m = j + 1 # j starts at 0 but m should start at 1
H[i, j] = Hamiltonian_matrix_element(n, m)
T[i, j] = Kinetic_matrix_element(n, m)
V[i, j] = Potential_matrix_element(n, m)
return H, T, V
def compute_c_dot(H, c):
""" Function that will compute d/dt c(t_0) using -i/hbar H * c
Arguments
---------
H : n_basis x n_basis numpy array of floats
the Hamiltonian matrix in atomic units
c : 1 x n_basis numpy array of complex floats
the vector of coefficients that defines the time-dependent wavefunction
Returns
-------
c_dot : 1 x n_basis numpy array of complex floats
the vector of time-derivatives of the coefficients
"""
# <== define imaginary unit as ci = 0+1j
ci = 0 + 1j
# <== compute matrix-vector product of H and c to get c_dot
c_dot = (-ci) * np.dot(H, c)
return c_dot
def euler_update(H, c, dt):
""" Function that will take c(t0) and H and return c(t0 + dt)
Arguments
---------
H : n_basis x n_basis numpy array of floats
the Hamiltonian matrix in atomic units
c : 1 x n_basis numpy array of complex floats
the vector of coefficients that defines the time-dependent wavefunction
dt : float
the increment in time in atomic units
Returns
-------
c_new : 1 x n_basis numpy array of complex floats
the vector of coefficients at time t0 + dt
"""
# <== call compute_c_dot(H, c) to compute c_dot
c_dot = compute_c_dot(H, c)
# <== compute c_new using c, c_dot, and dt
c_new = c + c_dot * dt
return c_new
def rk4_update(H, c, dt):
""" Function that will take c(t0) and H and return c(t0 + dt)
Arguments
---------
H : n_basis x n_basis numpy array of floats
the Hamiltonian matrix in atomic units
c : 1 x n_basis numpy array of complex floats
the vector of coefficients that defines the time-dependent wavefunction
dt : float
the increment in time in atomic units
Returns
-------
c_new : 1 x n_basis numpy array of complex floats
the vector of coefficients at time t0 + dt
"""
# <== define k_1, k_2, k_3, k_4
ci = 0 + 1j
k_1 = -ci * np.dot(H, c)
k_2 = -ci * np.dot(H, (c + k_1 * dt / 2))
k_3 = -ci * np.dot(H, (c + k_2 * dt / 2))
k_4 = -ci * np.dot(H, (c + k_3 * dt))
# <== define c_new as 1/6 * (k_1 + 2 * k_2 + 2 * k_3 + k_4) * dt
c_new = c + (1 / 6) * (k_1 + 2 * k_2 + 2 * k_3 + k_4) * dt
return c_new
```

# Test for rk4_update function#

Assume initial condition \(\Psi(x,t_0) = \psi_1(x)e^{-iE_1 t_0/\hbar}\) and \(t_0 = 0\) and update using RK4 to \(t_f = 1\) atomic units with a time-step of \(\Delta t = 0.01\). We will feed the kinetic energy matrix to the RK4 method so that the time evolution should correspond give us \(\Psi(x,t_f) = \psi_1(x)e^{-iE_1 t_f/\hbar}\) and \(t_f = 1\).

```
# imaginary unit
ci = 0+1j
# E1
E1 = energy_eigenvalue(1, 10, 1)
# dt
dt = 0.01
# tf
tf = 1
# define initial c vector for RK4 update
c_rk4 = np.array([1, 0], dtype=complex)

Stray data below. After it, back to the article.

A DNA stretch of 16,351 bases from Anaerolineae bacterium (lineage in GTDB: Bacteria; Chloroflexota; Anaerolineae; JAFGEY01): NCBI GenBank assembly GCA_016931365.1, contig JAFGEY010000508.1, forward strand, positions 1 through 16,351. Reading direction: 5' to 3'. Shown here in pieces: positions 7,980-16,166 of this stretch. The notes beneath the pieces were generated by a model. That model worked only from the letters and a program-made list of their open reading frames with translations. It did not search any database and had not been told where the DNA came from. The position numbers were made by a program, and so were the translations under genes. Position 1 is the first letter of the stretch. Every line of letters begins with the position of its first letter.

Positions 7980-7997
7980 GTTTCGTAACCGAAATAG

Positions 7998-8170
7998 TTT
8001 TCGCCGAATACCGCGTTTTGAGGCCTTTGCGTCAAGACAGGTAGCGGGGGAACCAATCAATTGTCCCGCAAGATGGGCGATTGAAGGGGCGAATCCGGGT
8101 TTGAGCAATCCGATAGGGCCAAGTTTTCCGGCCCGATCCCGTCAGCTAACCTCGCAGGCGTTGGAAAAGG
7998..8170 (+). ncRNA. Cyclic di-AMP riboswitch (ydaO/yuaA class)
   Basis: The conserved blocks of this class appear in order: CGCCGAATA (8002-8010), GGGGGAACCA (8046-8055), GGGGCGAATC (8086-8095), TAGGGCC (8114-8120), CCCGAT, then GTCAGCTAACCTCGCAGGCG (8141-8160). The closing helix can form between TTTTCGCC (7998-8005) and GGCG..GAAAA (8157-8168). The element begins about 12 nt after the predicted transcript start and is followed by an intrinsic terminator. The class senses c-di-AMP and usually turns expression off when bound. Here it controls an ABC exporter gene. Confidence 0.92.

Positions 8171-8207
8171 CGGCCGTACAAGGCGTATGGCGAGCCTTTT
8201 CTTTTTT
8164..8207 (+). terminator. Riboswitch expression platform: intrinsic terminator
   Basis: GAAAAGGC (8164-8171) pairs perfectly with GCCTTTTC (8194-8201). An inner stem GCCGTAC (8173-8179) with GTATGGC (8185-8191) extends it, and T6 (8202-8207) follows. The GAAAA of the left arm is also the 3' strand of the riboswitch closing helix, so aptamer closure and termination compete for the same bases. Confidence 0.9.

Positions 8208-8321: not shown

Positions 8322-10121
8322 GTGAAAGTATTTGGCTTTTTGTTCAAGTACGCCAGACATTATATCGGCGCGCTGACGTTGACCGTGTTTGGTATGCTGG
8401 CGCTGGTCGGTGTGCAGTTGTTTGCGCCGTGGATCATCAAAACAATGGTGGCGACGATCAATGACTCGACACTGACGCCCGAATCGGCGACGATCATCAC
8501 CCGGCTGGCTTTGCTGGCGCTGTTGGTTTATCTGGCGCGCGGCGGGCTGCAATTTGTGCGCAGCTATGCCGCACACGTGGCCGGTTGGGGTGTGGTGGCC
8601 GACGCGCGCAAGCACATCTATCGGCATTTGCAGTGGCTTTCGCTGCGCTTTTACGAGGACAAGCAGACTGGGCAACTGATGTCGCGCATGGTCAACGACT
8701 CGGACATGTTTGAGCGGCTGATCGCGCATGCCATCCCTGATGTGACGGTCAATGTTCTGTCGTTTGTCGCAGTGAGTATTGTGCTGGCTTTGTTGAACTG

# number of basis functions
n_basis = 2
# build H, T, and V
Hamiltonian_matrix, Kinetic_matrix, Potential_matrix = build_matrices(n_basis)
# Define analytical result for c(t_f)
c_analytical = np.array([np.exp(-ci * E1 * tf ), 0+0j])
# update c_rk4 100 times using the RK4 method
for i in range(1, 101):
c_rk4 = rk4_update(Kinetic_matrix, c_rk4, dt)
assert np.allclose(c_analytical, c_rk4)
print("PASSED!")
```

```
PASSED!
```

# Time-dependence with the delta potential#

Now we will propage the same initial state using the full Hamiltonian including the delta potential. We will use a larger basis this time to capture the dynamics imparted by the potential. The following lines will build the Hamiltonian matrix, define an initial c-vector, and update it using the RK4 method for a number of time-steps storing the time-dependent c-vector in a n_basis x n_time numpy array of complex floats

```
# number of basis functions
n_basis = 70
# build H, T, and V
Hamiltonian_matrix, Kinetic_matrix, Potential_matrix = build_matrices(n_basis)
# number of time steps
N_time = 500
# create the c_vec array as a n_basis x N_time numpy array of complex floats
c_vec = np.zeros((n_basis, N_time), dtype=complex)
# define a time increment of 0.005 atomic units
dt = 0.01
# initialize the c(0) vector as (1+0j, 0, 0, ...) -> initial state = \psi_1(x)
c_vec[0,0] = 1+0j
# loop over time-steps and update the c-vector at each time
for i in range(1, N_time):
c_vec[:,i] = rk4_update(Hamiltonian_matrix, c_vec[:,i-1], dt)
```

The following lines will animate the wavefunction as shown in Eq. (5). Now, the elements of \({\bf c}(t)\) are stored
in `c_vec`

, and the \(\psi_n(x)\) functions can be obtained by calling `energy_eigenfunction(n, L, x)`

.

```
t = np.zeros(N_time)
# animation function. This is called sequentially
def animate(i):
y = np.zeros(len(x),dtype=complex)
for j in range(0, n_basis):
fx = energy_eigenfunction(j+1, 10, x)
y = y + c_vec[j,i] * fx
t[i] = i
line.set_data(x, np.real(y))
return (line,)
anim = animation.FuncAnimation(fig, animate, init_func=init,
frames=N_time, interval=100, blit=True)
# Note: below is the part which makes it work on Colab
rc('animation', html='jshtml')
anim
```